Implementing a voice of the customer program doesn't require a huge investment, or even a large staff. Listening to customers and effecting change based on what they say is valuable to every company, whether it's a corner store or a conglomerate.
Tesa Tape, which sells a variety of adhesive products throughout North America, recently implemented a VOC program, even though the company employs only eight customer care associates. Since the company sells mostly to large distributors, it receives a significant amount of feedback from a few customers.
"Prior to launching our voice of the customer program, our team would verbally give feedback from customers to me, which meant we would often address the same issues over and over," says Laura Brittain, Tesa Tape's inside sales manager. "We started the program as a way to bundle information and give our representatives a more transparent and direct tool to show other departments what types of customer inquiries we receive."
Tesa Tape already had a homegrown CRM system and conducted annual customer satisfaction surveys, but it had no way to aggregate feedback from customers through the contact center. Since a handful of the largest customers are served by single sales representatives, those employees gained valuable, direct customer insight that wasn't being shared throughout the company, because there was no process to do so.
"There's a lot of information and opportunities that don't always show up in the customer satisfaction survey results," Brittain says. "Not only does this program give our customers a voice; it gives our representatives a voice-a way to factually show what they hear on the phone and see in emails every day."
To make the system accessible, Tesa Tape added data fields into its CRM system so the agents could have the ability to officially log customers' comments, rather than simply tell management what they heard. The information logged through the VOC program is part of representatives' monthly goals, as is the quality of that information. Brittain tracks follow-ups, whether problems are resolved, and how the insight was gained. Each week the logs are aggregated and shared with the entire sales team. Brittain also sends actionable data to the appropriate departments when she believes process or product changes could be made as a result.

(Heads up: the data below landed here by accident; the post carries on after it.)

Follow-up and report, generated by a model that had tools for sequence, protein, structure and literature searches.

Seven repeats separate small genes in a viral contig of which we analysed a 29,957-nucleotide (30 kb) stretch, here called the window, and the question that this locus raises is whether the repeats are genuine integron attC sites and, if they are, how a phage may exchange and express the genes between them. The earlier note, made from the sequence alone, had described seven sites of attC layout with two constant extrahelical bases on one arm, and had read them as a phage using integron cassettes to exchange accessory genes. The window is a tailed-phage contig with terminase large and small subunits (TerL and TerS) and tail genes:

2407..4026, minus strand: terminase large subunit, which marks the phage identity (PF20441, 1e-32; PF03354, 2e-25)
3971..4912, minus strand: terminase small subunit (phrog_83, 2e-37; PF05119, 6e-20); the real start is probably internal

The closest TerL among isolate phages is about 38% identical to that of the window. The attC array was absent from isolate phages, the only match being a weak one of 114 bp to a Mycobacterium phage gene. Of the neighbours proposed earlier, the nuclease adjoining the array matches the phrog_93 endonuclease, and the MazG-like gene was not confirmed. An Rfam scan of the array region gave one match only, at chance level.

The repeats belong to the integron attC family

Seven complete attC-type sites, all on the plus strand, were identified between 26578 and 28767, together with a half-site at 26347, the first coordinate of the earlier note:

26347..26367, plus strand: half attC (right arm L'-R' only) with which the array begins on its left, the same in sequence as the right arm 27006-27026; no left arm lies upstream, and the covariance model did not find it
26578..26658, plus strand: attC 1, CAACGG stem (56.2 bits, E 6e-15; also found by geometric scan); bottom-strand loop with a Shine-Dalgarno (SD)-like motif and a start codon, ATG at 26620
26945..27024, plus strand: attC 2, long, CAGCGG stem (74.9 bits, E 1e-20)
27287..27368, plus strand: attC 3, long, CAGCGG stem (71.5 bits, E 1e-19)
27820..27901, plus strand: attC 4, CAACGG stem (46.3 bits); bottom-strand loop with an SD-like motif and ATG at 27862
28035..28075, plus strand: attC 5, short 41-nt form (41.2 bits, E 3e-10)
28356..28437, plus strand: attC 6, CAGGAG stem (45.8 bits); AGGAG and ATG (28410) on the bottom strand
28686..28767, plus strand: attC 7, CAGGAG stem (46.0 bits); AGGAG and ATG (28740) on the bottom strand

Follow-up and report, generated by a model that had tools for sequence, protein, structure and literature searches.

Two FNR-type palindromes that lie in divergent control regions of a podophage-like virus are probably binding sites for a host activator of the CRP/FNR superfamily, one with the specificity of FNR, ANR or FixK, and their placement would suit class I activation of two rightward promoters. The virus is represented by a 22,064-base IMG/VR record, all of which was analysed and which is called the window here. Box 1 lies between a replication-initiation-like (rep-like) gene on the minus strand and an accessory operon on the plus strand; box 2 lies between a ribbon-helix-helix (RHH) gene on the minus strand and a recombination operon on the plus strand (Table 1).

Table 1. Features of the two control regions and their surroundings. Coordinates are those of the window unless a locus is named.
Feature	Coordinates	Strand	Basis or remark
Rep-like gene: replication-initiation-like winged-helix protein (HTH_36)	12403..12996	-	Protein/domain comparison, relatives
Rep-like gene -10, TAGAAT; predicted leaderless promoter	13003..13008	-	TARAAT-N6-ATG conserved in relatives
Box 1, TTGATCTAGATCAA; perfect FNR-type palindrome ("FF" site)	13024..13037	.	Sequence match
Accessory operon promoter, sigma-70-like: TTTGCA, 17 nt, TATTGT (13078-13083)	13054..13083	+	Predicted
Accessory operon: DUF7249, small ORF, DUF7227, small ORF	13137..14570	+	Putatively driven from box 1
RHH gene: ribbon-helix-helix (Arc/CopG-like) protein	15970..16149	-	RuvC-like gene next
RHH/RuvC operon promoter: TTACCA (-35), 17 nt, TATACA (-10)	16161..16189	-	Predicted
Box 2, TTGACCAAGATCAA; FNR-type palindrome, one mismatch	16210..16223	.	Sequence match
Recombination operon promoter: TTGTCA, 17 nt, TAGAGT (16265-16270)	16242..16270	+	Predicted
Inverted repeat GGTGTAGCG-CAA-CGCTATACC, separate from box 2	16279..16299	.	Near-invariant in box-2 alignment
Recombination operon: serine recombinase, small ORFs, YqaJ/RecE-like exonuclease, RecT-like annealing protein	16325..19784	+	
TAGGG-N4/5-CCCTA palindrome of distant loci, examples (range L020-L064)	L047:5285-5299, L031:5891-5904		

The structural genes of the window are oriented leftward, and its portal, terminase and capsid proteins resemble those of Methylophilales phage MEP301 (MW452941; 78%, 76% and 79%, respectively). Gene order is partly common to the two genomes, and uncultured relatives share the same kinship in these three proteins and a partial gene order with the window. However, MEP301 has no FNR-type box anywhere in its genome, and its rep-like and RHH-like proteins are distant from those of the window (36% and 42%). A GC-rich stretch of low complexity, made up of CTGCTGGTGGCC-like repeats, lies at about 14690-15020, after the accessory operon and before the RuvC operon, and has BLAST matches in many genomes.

Brittain says having such a small call center can be an asset, since representatives have found their own way of tracking customer information and their methods can be worked into the VOC system. In Tesa Tape's case, its implementation also made the sales force more efficient because when a representative is out of the office, colleagues can see the progress on a customer inquiry and avoid repeating information.
"Initially the goal was to change the habits of the inside sales team, to train each person to use the system the way they utilized our CRM software," Brittain says. "We've spent a lot of time discussing what to track and how to show results, and now we clearly see the importance of passing along the successes that customers talk about, as well as the opportunities for improvement that come out of their feedback."